Region is seeing a massive decline in snow, ice and the ecosystem.
A weather observatory in the Finnish municipality of Utsjoki has recorded the highest ever temperatures for the region.
Ilmatieteen laitos recorded an insanely hot 34.7 Celsius for the area, prompting fears of ecosystem collapse and climate breakdown.
Last year, forest fires threatened thousands of lives damaging much of the woodland region of Siberia, as temperatures rose to astonishing levels not seen for years. It is expected that the temperature increase was made more likely by climate change, with many scientists beginning to worry about the potential impacts we will have to live with.
In a tweet, the local observatory said: “A new heat record of 33.5 degrees has been measured at Kevo, Utsjoki. The reading may still rise as the day progresses. This is known to be the second highest temperature measured in Lapland. Inari Thule is 34.7 degrees from 1914.”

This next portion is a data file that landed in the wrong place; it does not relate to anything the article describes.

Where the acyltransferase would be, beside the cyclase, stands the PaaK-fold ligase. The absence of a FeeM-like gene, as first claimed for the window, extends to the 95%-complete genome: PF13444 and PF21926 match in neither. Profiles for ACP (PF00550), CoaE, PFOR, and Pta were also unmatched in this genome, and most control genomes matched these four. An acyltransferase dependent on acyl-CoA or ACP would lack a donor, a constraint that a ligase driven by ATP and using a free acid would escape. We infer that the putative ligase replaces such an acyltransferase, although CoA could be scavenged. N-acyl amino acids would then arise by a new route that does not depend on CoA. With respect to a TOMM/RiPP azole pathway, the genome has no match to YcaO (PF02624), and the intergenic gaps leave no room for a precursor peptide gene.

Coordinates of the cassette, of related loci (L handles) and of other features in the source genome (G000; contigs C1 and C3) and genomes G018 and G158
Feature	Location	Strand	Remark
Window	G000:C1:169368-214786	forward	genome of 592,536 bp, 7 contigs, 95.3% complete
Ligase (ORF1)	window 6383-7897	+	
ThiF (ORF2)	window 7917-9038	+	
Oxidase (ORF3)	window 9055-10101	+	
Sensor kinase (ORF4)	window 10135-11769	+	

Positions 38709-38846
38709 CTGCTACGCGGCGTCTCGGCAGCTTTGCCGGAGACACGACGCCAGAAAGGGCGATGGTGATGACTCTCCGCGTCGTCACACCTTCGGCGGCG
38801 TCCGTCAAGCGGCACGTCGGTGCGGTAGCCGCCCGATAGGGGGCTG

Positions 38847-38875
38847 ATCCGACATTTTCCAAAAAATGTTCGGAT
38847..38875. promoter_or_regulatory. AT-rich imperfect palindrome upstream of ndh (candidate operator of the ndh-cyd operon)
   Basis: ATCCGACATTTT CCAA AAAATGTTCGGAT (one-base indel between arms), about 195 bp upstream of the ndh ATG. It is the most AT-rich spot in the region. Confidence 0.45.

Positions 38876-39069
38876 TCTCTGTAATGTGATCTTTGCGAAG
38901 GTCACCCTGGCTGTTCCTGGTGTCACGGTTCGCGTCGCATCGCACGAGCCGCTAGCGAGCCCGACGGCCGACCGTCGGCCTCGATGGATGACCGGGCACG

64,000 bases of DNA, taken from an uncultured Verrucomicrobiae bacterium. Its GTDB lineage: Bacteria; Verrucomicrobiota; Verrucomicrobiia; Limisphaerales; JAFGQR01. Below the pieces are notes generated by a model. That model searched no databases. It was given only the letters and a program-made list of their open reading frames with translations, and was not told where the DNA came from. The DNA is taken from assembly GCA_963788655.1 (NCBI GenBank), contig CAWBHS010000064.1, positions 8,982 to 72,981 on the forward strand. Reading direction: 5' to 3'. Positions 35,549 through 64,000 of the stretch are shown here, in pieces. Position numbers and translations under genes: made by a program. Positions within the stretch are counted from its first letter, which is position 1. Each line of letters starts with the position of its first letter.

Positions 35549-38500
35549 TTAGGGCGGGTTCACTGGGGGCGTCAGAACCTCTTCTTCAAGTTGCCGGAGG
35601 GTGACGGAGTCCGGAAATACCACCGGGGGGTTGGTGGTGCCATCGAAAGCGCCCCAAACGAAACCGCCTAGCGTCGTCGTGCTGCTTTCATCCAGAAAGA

Researcher and professor Michael Reeder, who studies climate sciences, attributed the extreme heat in Finland to tropical lows and linked destructive heatwaves in the United States to the same phenomena. He said:
“It’s like plucking a guitar string. The disturbance propagated along the jet stream,”…“It gets to North America, it (amplified) and produced a big high pressure system in the middle part of the atmosphere.”
“So from that perspective, the high temperatures over Scandinavia are directly linked to what happened in North America.”
Such events are becoming widely expected each year, and its normalization is becoming a problem moving forward as incidents of extreme heat, floods and forest fire lose momentum in popular news outlets. It is framed as just another weather phenomenon and its sense of urgency is being lost along with concern for the future.